Daphne odora is one of the most cherished plants for the winter garden. It has been cultivated in China and Japan since ancient times and its native distribution is now obscure. It is the most common garden member of the Thymelaeaceae, others occasionally encountered include Edgeworthia, Stellera, Wikstroemia, and the native Dirca. The genus Daphne includes about 100 species of both evergreen and deciduous species and ranges over a wide area from Asia to northern Africa and Europe. It derives its name from the Roman myth of the nymph Daphne. Daphne would not return Apollo's affections and eventually turned into a laurel tree to escape his pursuit.
Winter daphne as Daphne odora is commonly known makes a low evergreen shrub 3–4 feet tall and wide. The dark green lanceolate leaves make a perfect backdrop for the late winter flowers opening in February or March and often lasting well into April. The typical flower color is pale pink to rose. Red fruits are sometimes produced but are poisonous. The stems, although hidden, are an attractive smooth, purplish-brown.
Despite its year round beauty, winter daphne is grown mainly for its extremely fragrant flowers. The winter blossoms scent the entire garden with the aroma wafting dozens of feet away from the plant. Presumably the far spreading odor must attract some of the few pollinators active during winter. The scent is described in various ways but the lemony fragrance is reminiscent of southern magnolia (Magnolia grandiflora) to me. Flowers are generally pale rose but can be pure white in some selections. The thick textured sepals (daphne have no true petals) last for a relatively long period during the cool weather when they flower and so extend the show over a long period.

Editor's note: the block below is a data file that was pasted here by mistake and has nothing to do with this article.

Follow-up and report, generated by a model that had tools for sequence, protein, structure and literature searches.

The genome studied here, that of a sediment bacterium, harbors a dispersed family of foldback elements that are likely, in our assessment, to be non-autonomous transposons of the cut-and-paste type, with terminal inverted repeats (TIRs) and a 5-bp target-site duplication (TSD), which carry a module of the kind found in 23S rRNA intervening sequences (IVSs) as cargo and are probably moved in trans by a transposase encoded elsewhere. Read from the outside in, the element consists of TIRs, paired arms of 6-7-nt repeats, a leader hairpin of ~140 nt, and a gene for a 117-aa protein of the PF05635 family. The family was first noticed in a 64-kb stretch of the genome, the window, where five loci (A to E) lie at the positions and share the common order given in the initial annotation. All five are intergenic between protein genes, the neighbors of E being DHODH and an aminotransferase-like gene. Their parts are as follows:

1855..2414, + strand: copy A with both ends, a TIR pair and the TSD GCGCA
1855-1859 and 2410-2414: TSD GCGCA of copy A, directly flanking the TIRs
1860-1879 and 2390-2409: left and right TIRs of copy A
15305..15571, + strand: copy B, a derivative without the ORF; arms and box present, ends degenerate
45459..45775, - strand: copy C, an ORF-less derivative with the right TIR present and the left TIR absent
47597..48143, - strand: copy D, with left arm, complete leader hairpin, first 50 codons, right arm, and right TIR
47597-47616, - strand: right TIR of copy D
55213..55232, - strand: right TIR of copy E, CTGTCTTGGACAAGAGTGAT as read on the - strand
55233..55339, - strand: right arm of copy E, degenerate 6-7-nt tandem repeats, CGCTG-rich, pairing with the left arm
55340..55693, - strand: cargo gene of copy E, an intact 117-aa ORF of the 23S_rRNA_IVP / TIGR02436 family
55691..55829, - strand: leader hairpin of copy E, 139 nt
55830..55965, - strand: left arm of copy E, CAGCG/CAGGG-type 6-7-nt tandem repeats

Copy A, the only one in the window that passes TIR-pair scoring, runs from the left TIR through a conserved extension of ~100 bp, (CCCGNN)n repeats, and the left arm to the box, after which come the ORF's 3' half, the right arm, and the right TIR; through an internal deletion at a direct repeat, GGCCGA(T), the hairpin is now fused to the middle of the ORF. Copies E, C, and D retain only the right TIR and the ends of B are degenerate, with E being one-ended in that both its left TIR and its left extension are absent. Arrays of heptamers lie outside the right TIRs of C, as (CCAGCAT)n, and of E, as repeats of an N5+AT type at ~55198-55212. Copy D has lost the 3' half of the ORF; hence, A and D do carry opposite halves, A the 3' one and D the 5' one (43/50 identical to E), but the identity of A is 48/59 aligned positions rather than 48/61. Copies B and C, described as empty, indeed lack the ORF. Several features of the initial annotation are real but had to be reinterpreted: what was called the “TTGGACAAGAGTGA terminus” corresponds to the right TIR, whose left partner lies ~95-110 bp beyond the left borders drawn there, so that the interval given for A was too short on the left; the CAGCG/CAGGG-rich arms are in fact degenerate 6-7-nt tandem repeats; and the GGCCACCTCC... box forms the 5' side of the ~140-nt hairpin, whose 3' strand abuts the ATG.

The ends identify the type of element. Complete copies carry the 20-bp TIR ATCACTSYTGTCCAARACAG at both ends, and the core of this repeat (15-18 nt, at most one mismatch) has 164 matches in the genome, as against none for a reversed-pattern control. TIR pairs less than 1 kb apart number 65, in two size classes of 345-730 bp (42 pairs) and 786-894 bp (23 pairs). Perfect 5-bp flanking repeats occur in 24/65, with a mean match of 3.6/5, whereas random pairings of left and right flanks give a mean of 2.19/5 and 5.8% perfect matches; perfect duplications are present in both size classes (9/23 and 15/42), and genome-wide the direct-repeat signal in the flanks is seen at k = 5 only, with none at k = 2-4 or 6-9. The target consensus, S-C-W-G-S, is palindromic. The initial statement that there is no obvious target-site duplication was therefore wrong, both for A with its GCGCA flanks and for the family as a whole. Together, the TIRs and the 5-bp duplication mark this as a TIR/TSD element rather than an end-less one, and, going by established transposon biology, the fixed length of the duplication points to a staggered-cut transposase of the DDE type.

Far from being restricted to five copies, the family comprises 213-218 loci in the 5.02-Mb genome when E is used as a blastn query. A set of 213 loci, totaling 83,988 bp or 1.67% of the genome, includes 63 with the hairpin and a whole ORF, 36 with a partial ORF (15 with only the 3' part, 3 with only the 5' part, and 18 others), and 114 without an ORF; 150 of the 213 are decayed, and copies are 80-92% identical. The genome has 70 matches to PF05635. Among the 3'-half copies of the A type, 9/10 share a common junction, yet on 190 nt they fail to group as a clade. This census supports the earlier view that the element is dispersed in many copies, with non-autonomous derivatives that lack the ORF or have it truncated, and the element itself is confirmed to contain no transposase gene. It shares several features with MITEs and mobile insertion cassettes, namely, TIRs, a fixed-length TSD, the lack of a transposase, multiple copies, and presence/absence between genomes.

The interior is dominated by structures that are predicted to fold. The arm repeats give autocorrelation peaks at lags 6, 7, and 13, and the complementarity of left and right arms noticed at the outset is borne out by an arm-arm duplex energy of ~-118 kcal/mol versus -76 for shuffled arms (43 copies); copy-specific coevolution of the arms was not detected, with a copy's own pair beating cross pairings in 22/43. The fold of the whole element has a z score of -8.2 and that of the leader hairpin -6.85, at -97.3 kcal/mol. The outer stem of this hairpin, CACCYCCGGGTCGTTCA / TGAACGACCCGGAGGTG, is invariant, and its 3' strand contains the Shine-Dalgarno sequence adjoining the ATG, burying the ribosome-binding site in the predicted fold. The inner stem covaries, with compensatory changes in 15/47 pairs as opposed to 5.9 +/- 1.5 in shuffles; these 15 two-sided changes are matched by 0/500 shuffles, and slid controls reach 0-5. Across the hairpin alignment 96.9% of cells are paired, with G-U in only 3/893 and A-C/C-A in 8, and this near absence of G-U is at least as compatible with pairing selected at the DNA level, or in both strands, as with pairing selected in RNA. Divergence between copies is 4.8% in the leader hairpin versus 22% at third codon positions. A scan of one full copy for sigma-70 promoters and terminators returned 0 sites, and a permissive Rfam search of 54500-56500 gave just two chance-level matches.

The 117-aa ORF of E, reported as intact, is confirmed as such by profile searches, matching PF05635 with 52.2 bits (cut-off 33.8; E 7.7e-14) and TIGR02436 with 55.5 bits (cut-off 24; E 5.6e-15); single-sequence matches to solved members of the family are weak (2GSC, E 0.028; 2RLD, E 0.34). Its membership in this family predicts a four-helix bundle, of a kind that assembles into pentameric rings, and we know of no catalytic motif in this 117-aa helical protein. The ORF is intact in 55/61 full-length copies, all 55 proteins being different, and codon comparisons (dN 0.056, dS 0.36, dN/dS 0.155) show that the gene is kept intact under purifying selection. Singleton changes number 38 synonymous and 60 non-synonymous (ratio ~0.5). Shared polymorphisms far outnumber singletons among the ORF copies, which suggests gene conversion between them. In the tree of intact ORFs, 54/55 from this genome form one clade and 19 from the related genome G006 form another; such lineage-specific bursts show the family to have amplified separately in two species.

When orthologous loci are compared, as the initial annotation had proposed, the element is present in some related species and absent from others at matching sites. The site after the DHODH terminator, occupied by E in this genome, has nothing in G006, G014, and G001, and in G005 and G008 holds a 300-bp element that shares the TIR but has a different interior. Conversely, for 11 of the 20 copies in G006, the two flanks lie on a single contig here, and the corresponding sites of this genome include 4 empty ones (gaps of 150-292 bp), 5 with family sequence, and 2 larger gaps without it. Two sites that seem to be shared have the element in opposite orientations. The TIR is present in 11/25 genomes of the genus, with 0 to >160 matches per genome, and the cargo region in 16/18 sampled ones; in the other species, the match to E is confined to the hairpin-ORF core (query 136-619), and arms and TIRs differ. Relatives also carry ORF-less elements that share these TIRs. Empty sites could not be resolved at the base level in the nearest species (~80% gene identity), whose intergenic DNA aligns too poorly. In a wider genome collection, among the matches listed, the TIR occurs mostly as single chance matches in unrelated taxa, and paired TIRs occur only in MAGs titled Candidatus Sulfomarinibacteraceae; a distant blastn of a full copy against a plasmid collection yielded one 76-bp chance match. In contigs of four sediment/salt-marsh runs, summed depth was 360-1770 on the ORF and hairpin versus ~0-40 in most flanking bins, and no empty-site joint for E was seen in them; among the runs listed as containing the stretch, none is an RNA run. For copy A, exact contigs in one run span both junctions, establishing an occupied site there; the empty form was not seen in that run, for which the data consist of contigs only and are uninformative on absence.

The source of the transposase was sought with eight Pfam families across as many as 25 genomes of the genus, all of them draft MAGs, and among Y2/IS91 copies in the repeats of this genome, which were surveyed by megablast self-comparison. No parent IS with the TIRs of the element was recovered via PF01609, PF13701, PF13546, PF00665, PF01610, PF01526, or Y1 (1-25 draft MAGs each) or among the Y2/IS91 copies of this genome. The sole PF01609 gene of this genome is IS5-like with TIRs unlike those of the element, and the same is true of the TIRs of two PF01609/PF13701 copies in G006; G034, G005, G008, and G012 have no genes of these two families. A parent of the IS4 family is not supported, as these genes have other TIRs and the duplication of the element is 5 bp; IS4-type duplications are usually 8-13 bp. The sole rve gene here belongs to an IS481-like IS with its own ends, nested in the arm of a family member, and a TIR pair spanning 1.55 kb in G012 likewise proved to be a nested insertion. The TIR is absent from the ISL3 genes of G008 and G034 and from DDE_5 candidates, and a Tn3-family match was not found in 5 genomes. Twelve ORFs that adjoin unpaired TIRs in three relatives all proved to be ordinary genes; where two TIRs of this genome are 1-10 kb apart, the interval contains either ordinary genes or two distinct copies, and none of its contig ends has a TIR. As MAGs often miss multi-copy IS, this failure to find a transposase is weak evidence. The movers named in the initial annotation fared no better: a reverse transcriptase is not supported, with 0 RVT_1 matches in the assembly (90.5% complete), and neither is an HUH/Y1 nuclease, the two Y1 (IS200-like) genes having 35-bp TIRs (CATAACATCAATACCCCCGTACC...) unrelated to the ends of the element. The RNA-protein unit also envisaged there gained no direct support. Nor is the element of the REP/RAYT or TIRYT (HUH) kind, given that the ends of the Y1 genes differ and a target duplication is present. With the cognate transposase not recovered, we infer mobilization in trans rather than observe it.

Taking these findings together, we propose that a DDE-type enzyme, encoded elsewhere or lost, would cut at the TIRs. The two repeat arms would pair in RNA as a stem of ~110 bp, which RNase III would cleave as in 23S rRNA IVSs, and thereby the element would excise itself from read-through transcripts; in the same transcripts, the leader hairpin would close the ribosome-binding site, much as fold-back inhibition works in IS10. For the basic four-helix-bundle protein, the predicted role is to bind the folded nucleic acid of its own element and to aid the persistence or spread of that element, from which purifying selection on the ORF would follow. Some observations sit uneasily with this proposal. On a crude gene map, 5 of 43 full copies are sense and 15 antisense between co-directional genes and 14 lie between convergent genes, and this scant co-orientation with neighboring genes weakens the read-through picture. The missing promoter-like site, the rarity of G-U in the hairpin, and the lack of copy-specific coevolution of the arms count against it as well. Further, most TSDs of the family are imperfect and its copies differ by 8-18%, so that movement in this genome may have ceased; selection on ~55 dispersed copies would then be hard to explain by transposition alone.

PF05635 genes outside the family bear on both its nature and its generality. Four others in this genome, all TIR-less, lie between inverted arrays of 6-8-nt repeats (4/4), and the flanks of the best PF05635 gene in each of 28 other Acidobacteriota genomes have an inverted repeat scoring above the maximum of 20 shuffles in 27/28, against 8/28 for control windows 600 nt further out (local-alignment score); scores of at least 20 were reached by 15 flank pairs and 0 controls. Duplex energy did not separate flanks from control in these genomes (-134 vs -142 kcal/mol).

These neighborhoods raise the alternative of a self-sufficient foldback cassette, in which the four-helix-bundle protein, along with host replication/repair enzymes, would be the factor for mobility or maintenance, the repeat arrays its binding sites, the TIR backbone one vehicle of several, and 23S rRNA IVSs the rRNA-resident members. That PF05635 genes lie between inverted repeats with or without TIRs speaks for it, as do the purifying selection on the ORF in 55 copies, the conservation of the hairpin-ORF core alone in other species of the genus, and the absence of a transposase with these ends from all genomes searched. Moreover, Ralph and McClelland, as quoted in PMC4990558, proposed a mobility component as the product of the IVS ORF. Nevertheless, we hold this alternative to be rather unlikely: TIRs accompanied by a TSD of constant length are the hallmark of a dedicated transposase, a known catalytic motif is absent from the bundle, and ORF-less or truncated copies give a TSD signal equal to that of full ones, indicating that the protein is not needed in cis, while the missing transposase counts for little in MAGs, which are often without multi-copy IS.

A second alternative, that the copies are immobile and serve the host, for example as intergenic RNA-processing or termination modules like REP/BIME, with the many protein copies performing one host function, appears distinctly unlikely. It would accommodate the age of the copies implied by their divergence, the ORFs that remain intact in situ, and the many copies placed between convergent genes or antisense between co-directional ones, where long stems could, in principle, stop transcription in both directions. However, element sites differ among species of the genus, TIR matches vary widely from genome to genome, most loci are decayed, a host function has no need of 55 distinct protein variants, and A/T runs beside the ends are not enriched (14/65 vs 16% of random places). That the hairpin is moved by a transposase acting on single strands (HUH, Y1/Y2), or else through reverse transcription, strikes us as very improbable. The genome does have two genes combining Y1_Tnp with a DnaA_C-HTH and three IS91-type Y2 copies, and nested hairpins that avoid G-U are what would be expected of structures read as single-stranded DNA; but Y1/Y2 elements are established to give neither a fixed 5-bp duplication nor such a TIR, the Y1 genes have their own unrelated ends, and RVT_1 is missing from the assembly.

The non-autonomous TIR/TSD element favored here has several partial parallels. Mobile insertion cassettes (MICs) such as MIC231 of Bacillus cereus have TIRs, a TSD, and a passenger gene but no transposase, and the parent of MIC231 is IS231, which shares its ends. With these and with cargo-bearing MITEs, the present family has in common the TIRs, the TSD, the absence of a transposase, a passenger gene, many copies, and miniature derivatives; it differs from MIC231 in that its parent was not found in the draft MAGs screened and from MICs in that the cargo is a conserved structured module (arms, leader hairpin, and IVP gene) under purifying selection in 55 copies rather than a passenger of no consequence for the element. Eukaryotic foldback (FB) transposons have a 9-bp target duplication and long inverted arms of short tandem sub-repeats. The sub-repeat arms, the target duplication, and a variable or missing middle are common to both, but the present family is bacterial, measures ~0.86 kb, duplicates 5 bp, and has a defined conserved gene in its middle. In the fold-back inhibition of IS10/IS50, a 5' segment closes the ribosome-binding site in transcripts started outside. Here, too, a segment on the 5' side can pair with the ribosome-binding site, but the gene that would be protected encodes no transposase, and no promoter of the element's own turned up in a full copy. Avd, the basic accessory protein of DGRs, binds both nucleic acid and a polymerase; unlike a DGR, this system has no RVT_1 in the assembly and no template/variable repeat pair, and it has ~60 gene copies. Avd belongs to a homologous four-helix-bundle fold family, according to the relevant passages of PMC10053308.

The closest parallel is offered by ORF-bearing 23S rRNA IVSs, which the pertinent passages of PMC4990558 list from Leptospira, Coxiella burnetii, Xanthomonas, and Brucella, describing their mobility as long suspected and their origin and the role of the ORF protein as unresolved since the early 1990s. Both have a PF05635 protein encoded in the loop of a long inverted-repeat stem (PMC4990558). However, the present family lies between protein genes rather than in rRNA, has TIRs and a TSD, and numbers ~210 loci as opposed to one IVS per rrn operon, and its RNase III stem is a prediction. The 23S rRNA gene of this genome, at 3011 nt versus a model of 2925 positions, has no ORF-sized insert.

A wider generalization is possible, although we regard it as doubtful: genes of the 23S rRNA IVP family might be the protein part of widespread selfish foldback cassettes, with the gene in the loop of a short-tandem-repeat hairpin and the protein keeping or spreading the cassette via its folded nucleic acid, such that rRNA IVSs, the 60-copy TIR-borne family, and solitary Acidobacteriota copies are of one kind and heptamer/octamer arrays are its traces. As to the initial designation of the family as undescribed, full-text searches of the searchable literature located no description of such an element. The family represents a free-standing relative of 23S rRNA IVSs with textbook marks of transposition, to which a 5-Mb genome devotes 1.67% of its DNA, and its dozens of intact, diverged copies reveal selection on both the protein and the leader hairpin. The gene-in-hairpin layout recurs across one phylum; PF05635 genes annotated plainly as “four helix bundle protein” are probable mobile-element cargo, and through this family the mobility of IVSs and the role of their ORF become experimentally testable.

Winter daphne is commonly sold as a shrub for shade and will definitely need protection from the harshest afternoon sun. Daphne needs very well-drained soil and will not last long in heavy red clay. Like the nymph, Daphne often spurns even the most talented gardener. In the best of conditions it is relatively short lived, rarely lasting more than 8 years and often dying in half that time. Winter daphne does have the decency to usually die quickly instead of lingering for years. Despite its fickle nature, the outstanding form and heavenly fragrance earn it a spot in the garden and regular replacement. Propagation of Daphne odora is by softwood or semi-hardwood cuttings taken from June through September or hardwood cuttings from dormant plants. Semi-hardwood cuttings can be rooted under mist while dormant material is best with bottom heat.
Perhaps more commonly encountered than the species is the cultivar 'Aureovariegata' with a thin creamy yellow margin around each leaf. Look for it in the model gardens at the JCRA. One of our new favorites is 'Zuiko Nishiki', a green foliaged form that is heavier flowering than the species, more fragrant, and reputedly hardier which is growing in the Xeric Garden. Other cultivars include ‘Maejima’ with broad, even, creamy yellow margins, ‘Nakafu’ with the unusual variegation of pale green surrounded by yellow then edged with green. Perhaps the most elegant and easiest to use in the landscape is the white flowered forma alba. Whichever daphne you choose, you are sure to be entranced with its many charms and delightful fragrance.